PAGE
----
These are just some things to think about when interpreting EFA results. To determine whether an EFA is appropriate for your data, consider whether you can provide a clear and precise definition of the construct you are studying (e.g., anxiety), whether using a variety of methods to assess this construct would make sense (e.g., self-report questionnaire, observational measure), the sample size required for factor analysis, etc.
Concluding remarks about how to apply this technique successfully when doing research
Exploratory factor analysis is an exploratory statistical technique that is used to identify underlying factors of variation among observed variables. It helps you break down your data into smaller, manageable pieces so you can better understand what it means and what it represents. Factor Analysis can be applied in many different ways depending on the needs of the researcher. This article has provided a brief overview of how this research method will help with psychology-related projects because it allows researchers to look for patterns between items or behaviors across individuals, but there are many other applications as well! The benefits might not always be clear at first glance, but once you get started exploring them they will become more apparent. For example, if all goes according to plan then after conducting an EFA one may be able to better understand the topic at hand, as well as determine which questions or factors should be focused on. The design and development of psychological assessments is an essential part of research and finding a way to reduce items down into what is most representative can help with this process.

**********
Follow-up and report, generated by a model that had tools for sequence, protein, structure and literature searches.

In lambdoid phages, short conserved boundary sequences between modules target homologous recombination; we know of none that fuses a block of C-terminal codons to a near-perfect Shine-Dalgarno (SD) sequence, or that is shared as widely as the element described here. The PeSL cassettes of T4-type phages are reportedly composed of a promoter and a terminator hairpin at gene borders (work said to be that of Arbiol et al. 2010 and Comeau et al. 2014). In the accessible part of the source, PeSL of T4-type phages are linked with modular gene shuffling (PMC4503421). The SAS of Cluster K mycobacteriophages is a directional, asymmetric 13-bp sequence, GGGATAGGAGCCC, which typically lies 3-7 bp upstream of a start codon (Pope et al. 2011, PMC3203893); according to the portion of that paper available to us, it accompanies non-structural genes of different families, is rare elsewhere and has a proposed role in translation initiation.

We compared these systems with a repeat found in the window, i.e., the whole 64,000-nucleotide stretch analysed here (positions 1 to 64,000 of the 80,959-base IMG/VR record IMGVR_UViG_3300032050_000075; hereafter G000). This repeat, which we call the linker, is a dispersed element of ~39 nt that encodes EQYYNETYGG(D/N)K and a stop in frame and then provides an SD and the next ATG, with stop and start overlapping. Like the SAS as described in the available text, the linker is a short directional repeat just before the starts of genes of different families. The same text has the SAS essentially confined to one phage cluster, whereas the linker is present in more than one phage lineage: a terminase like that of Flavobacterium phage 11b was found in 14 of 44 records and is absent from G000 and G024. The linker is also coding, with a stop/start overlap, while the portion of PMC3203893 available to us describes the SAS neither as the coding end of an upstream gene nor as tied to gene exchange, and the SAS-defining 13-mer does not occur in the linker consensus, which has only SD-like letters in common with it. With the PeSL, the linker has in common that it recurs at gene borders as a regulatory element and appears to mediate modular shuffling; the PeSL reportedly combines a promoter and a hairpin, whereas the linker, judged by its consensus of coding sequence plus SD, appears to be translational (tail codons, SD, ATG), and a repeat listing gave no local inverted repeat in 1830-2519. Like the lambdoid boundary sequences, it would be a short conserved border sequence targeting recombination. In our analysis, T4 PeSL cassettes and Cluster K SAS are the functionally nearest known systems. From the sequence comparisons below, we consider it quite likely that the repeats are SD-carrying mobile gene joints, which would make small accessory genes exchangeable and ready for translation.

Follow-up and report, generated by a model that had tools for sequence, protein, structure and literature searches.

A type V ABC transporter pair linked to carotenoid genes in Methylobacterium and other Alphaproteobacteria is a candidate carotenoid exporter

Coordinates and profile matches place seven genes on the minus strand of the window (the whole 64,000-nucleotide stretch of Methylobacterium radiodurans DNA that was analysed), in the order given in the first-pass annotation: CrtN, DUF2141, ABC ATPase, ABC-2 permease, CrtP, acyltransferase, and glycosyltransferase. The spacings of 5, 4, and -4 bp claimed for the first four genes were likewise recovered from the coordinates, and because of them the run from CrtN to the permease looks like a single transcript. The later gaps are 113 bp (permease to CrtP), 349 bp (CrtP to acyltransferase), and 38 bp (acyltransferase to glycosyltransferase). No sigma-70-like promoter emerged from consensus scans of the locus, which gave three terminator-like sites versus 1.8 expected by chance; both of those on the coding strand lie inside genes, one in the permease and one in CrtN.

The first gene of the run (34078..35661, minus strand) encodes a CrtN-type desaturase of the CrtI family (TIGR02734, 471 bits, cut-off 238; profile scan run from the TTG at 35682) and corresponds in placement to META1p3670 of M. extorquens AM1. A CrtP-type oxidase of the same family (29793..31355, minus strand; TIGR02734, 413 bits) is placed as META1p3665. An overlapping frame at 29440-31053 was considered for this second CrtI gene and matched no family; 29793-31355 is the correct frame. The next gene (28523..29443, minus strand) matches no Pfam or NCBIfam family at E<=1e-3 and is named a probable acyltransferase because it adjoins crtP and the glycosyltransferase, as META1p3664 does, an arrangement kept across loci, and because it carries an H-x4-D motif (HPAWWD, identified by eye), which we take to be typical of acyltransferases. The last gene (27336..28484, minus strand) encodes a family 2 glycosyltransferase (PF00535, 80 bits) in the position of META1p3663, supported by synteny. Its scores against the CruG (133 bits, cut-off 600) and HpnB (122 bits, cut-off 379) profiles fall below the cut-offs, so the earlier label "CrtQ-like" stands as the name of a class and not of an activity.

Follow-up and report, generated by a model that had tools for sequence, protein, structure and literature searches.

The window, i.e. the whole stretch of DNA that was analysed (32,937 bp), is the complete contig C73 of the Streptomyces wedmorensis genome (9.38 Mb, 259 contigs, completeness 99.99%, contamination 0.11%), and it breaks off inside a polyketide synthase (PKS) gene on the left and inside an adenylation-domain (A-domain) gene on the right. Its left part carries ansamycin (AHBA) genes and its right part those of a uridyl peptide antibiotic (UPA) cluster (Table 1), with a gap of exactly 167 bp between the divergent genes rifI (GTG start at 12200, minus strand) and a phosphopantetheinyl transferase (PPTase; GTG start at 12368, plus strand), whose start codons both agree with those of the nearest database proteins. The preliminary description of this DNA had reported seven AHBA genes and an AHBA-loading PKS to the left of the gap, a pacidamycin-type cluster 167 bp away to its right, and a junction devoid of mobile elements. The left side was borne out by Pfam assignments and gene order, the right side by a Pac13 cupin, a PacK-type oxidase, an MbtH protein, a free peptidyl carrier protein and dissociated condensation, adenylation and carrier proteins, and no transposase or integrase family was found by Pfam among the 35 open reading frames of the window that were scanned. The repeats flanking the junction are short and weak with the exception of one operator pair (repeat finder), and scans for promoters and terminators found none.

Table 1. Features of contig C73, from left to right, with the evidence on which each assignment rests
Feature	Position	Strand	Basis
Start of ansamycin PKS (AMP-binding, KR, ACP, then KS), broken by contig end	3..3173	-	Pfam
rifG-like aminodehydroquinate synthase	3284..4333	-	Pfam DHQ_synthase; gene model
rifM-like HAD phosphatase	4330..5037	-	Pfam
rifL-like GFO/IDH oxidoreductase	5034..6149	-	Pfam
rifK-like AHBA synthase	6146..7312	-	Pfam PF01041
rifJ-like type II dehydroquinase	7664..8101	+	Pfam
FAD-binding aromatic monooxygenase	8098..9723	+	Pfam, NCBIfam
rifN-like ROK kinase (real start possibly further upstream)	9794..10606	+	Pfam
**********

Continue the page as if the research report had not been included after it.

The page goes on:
Additionally, factor analysis allows one to “look beyond what we want and need to know and consider what we may not be able to know” (p. 168). In order to achieve this, one must “[identify] the questions that cannot yet be answered with these data, because the sample size is too small or because of other limitations in the design” (pp. 188-189). As noted by Fabrigar and Wegener (2012), “factor analysis represents a distillation of a set of variables into a smaller set of composite variables that, in some sense, optimally capture their relationship to one another” (p. 54). In short, it provides researchers with an opportunity to focus on the most relevant aspects of their data so they can start moving ahead with the project. This is not to say that additional variables cannot be added later with a larger sample, but it can help researchers narrow down what issues are most important and how they might best be investigated with their resources.
The goal of factor analysis is ultimately to summarize the correlations between some sets of variables more parsimoniously than by listing all of the coefficients.